If this were a business school case study

In my new novel, What’s Left, her father (Baba) has an influential role in transforming the family restaurant even though he’s new to the business. But he’s not alone.


Here are some passages I cut from the final version:

Baba is an active participant in that year of intense planning, before heading off for his focused Dharma training, those three years in the Tibetan monastery followed by his permanent return here.

My search reveals to me how much Baba contributed to the final result. As a visual artist addressing challenges beyond the kitchen itself, he’s amplified the wisdom Dimitri displayed in bringing him on board – and all of his touches fill me with pride.

Reflecting on Baba’s contributions to the project, what impresses me most is his sensitivity to the underlying unity. What emerges simply feels right and natural.


In a traditional business school case study, the spotlight would likely fall on Baba’s future brother-in-law, Dimitri.

In another passage I deleted from the final version, during the crucial transformation:

Dimitri concerns himself mostly with financing the expansion and growing the entire shebang. The mystery for me is just how much of what results comes through Graham’s insights and how much through Pia’s, even if Barney usually gets the credit. And, for his own role, my Baba, especially.


Again, in another passage I later distilled, Cassia discovers crucial details that likely never would have crept into that case study:


She shows me the dots to connect. We’re bleeding money until he steps in. We’re pooling our income in a struggle to clear our obligations. Graham moves in and his money also goes into the pot. It makes a huge difference. How much? I can’t find the figures, but I do learn that later, in private, he signs on a few loans, at first to help Dimitri reorganize our debts and mortgages and later to help us avert chapter 11.


Maybe he’s along for the excitement? More of those now excised details:

In our plan, Carmichael’s old building was to come down for a customer-only parking lot – one with many trees. Zodiac (the revitalized bookstore) and our restaurants would both open out onto it. But that concept’s put on hold. People will just have to park wherever they can in the interim. Or double-park, as becomes customary.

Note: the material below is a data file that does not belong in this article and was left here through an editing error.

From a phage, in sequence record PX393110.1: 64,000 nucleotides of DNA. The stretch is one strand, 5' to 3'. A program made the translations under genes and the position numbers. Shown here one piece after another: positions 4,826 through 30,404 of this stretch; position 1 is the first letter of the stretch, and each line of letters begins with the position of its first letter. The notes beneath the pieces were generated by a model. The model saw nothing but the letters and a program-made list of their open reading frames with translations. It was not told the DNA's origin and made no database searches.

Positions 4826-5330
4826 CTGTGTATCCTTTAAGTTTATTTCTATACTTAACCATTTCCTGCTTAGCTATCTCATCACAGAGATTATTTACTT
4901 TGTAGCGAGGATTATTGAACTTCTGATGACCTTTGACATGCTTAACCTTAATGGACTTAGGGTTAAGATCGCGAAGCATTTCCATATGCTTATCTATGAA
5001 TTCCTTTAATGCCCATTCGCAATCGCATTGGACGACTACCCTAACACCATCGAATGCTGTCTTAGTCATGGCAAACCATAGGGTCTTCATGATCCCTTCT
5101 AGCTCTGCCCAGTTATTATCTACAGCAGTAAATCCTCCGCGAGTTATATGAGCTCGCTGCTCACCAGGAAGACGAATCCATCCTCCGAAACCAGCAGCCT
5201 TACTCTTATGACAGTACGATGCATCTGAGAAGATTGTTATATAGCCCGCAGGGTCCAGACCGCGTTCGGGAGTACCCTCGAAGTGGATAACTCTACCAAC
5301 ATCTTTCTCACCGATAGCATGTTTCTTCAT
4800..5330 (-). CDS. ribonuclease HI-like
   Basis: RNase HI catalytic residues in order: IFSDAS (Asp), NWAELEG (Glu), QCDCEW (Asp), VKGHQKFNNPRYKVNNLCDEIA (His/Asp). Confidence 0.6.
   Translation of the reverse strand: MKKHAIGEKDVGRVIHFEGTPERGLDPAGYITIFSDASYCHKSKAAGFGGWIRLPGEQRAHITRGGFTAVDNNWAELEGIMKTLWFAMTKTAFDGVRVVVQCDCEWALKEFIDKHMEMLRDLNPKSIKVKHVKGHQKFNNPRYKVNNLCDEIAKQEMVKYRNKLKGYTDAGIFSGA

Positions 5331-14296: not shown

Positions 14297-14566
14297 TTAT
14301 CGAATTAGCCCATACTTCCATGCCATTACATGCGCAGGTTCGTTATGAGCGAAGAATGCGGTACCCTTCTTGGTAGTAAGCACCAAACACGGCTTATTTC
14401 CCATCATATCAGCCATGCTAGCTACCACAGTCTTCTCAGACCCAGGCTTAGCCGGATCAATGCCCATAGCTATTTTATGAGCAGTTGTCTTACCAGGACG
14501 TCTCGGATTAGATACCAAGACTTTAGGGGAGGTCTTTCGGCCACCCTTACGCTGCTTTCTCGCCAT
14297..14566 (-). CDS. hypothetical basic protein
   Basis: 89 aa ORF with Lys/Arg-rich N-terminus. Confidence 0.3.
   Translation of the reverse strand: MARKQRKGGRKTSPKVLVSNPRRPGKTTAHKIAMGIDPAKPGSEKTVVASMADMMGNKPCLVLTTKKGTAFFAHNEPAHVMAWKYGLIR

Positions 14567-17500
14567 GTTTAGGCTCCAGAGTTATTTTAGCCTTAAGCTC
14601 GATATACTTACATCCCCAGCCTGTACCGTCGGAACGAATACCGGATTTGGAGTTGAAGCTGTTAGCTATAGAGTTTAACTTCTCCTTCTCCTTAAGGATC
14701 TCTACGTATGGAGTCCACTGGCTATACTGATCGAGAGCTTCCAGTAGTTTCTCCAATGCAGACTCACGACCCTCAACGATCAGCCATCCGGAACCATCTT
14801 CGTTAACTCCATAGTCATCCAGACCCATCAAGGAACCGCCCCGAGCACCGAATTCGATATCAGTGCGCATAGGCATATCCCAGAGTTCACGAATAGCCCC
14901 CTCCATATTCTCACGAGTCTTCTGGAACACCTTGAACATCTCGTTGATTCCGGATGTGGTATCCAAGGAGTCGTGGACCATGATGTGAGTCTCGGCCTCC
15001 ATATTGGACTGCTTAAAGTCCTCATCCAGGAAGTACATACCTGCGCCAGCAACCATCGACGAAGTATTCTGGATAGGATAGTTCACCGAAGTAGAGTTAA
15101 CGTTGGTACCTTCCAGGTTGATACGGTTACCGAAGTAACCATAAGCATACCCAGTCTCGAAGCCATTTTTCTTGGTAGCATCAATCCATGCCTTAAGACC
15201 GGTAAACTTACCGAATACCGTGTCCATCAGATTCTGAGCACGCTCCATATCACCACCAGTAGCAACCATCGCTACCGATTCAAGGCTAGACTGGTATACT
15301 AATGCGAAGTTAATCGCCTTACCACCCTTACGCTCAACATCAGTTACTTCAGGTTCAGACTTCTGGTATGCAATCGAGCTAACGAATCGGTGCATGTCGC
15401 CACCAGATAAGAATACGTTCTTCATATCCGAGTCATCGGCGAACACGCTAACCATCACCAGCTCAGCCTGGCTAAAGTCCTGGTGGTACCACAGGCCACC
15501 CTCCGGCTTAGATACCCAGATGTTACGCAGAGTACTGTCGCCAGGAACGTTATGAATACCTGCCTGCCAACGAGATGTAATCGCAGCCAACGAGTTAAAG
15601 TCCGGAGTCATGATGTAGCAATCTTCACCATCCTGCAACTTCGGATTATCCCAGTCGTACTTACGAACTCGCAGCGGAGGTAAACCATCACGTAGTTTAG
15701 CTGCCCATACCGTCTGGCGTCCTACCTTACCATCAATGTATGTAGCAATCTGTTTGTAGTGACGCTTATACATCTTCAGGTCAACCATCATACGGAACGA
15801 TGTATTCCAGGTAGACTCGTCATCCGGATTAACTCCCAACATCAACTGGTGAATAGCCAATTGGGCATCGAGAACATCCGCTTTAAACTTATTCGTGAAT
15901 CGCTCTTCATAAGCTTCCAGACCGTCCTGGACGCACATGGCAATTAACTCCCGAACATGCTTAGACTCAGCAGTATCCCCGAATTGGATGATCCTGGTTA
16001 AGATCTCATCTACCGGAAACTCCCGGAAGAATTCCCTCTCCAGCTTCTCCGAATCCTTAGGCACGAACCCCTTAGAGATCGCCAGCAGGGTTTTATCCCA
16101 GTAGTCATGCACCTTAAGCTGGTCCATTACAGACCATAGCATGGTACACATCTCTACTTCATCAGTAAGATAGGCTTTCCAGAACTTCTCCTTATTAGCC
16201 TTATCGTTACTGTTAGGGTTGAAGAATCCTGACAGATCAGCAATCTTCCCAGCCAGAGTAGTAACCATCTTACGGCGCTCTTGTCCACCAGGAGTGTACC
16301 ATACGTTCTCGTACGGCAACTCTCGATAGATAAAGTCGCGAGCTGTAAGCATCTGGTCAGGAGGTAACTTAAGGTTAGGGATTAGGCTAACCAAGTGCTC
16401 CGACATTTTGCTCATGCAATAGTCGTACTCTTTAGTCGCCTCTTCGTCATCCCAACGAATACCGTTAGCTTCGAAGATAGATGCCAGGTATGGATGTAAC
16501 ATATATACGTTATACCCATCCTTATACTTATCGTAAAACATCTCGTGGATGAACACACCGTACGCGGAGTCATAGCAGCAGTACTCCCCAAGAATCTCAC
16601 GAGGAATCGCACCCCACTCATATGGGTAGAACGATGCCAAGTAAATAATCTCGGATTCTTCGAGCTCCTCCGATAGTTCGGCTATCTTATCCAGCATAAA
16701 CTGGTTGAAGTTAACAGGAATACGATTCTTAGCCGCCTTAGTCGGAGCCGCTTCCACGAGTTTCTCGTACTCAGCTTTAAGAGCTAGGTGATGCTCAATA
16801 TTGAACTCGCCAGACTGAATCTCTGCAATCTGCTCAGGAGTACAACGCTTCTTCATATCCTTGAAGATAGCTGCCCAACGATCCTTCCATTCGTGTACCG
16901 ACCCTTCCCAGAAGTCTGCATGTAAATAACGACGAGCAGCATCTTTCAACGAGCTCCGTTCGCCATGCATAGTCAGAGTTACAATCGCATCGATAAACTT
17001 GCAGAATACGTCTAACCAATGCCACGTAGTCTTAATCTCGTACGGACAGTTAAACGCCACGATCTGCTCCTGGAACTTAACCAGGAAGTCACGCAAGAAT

Too often it seems the only purpose a company seems to have is simply to make money. In my new novel, though, the point of the family business is to make good things happen. Sometimes it’s good food, sometimes it’s offering good apartments at reasonable rents, sometimes it’s simply to help others realize their dreams.

That’s not what’s taught in business schools or economics courses, as far as I’ve seen.

Another crucial difference in Dimitri’s business model is the importance of linking kindred souls together. It’s all about good community, in his eyes as well as those he brings on board.

When it comes to succeeding in life, do you think you can “make it” on your own? Or do you need connections, mentors, and associates? How do you see these working?


Icon of Christ from the Cathedral of Hagia Sophia in Constantinople (now Istanbul). This image — part of a deesis showing Jesus, the Virgin Mary, and St. John the Baptist — is at least 600 years old. (Photo by Myrabella via Wikimedia Commons.)

Cassia’s roots included inspiration like this.

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